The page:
Small Project Grant: Ichikawa Edwards
Wednesday 01 May 2019
IchikawaEdward is an ongoing collaborative project between artists Ichikawa Lee and Joshua Edward, est.2017 based in Naarm (Melbourne). IchikawaEdward was recently awarded a Small Project Grant to support the development of a new work v. their body swells, and asks to be held.
We spoke to Anita Davies, about their practice, developing new work and the impact of receiving a small project grant.
Tell us a bit about you and your practice:
I am one part of the collaborative practice IchikawaEdward. We work primarily in the discipline of sculpture, but are fond of and employ creative writing processes, performance and photography in the practice. Our artworks have always considered othering, because as others, we often recognise how inconsiderate space is and how unconsidered the othered experience is. We aim to critique architectures, institutions, and other oppressive structures. We ask how they can be better, and why they aren't already.
Could you describe the project titled 'v. their body swells and asks to be held' – what will the viewer see or experience?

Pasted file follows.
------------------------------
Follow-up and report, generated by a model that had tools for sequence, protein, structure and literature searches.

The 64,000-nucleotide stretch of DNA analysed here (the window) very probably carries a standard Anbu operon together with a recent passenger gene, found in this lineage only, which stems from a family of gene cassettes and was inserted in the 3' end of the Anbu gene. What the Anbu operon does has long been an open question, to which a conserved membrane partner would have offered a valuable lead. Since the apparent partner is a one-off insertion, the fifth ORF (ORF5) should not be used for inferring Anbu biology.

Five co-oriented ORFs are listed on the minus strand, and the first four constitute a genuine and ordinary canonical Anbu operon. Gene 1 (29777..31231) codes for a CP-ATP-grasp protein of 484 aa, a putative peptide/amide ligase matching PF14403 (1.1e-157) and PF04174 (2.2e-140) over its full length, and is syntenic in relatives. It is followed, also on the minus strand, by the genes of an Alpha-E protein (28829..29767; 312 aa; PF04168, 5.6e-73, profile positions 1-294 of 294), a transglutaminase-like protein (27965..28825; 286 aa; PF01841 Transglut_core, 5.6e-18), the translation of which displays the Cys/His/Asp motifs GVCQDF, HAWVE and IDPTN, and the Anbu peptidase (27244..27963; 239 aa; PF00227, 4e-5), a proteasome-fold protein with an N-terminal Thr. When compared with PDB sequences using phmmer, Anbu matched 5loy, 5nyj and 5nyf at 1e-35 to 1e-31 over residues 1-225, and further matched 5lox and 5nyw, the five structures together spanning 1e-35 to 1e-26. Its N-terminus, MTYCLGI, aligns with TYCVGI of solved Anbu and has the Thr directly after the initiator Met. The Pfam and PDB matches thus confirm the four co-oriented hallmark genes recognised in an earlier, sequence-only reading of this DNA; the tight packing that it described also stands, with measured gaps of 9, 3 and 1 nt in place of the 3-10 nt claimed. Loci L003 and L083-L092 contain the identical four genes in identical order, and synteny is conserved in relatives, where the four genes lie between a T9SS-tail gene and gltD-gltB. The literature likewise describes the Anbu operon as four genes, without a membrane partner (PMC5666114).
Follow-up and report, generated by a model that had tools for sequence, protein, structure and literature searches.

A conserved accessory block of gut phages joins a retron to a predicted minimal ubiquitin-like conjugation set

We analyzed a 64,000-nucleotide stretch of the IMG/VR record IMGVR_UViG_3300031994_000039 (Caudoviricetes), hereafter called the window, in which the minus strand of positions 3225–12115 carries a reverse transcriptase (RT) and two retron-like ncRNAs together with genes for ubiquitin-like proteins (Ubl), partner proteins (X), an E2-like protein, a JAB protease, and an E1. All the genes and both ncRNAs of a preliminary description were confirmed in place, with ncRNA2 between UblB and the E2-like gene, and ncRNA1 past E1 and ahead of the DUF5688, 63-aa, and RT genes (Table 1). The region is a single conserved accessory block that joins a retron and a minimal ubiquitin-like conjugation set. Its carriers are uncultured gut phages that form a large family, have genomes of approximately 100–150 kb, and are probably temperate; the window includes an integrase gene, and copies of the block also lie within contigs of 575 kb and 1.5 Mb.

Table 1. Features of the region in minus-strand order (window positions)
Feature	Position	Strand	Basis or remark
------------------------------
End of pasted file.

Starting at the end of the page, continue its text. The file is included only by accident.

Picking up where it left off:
Three new works are being developed with the support of a City of Yarra Small Project Grant. The first namesake piece is an edited image silk-screen print on suiting fabric.
It shows a body taught on a frame, stretched to each border, 'made to fit'.
The second work stems from a shallow steel tray work, in which a body of water evaporated, leaving its mark in salt. It is the remnants of the body that this work holds.
The last work – a laser-engraved sky green marble slab, sitting on a bright yellow pillow – releases its weight on the body and forces the body to hold what it cannot. Viewers will be reminded of their bodies and of others, and asked to consider when they are held, and when they hold.
How have you made these works, and is it a departure from other works?
Often a discernible beginning has been our written works; documenting thought and sharing always catalysed work.
These new works have origin in writing, speaking to lived experience and find their final physicality through processes new to our practice. Before this point we had never used the process of screen-printing and it is an exciting departure and addition.
What is the impact this Small Project Grant will have on your practice?
Yarra City Council's Small Project Grant is a necessary and valued support for the community and I am blessed to have been provided this opportunity to extend my practice. The works from this series would not have been possible without this assistance.
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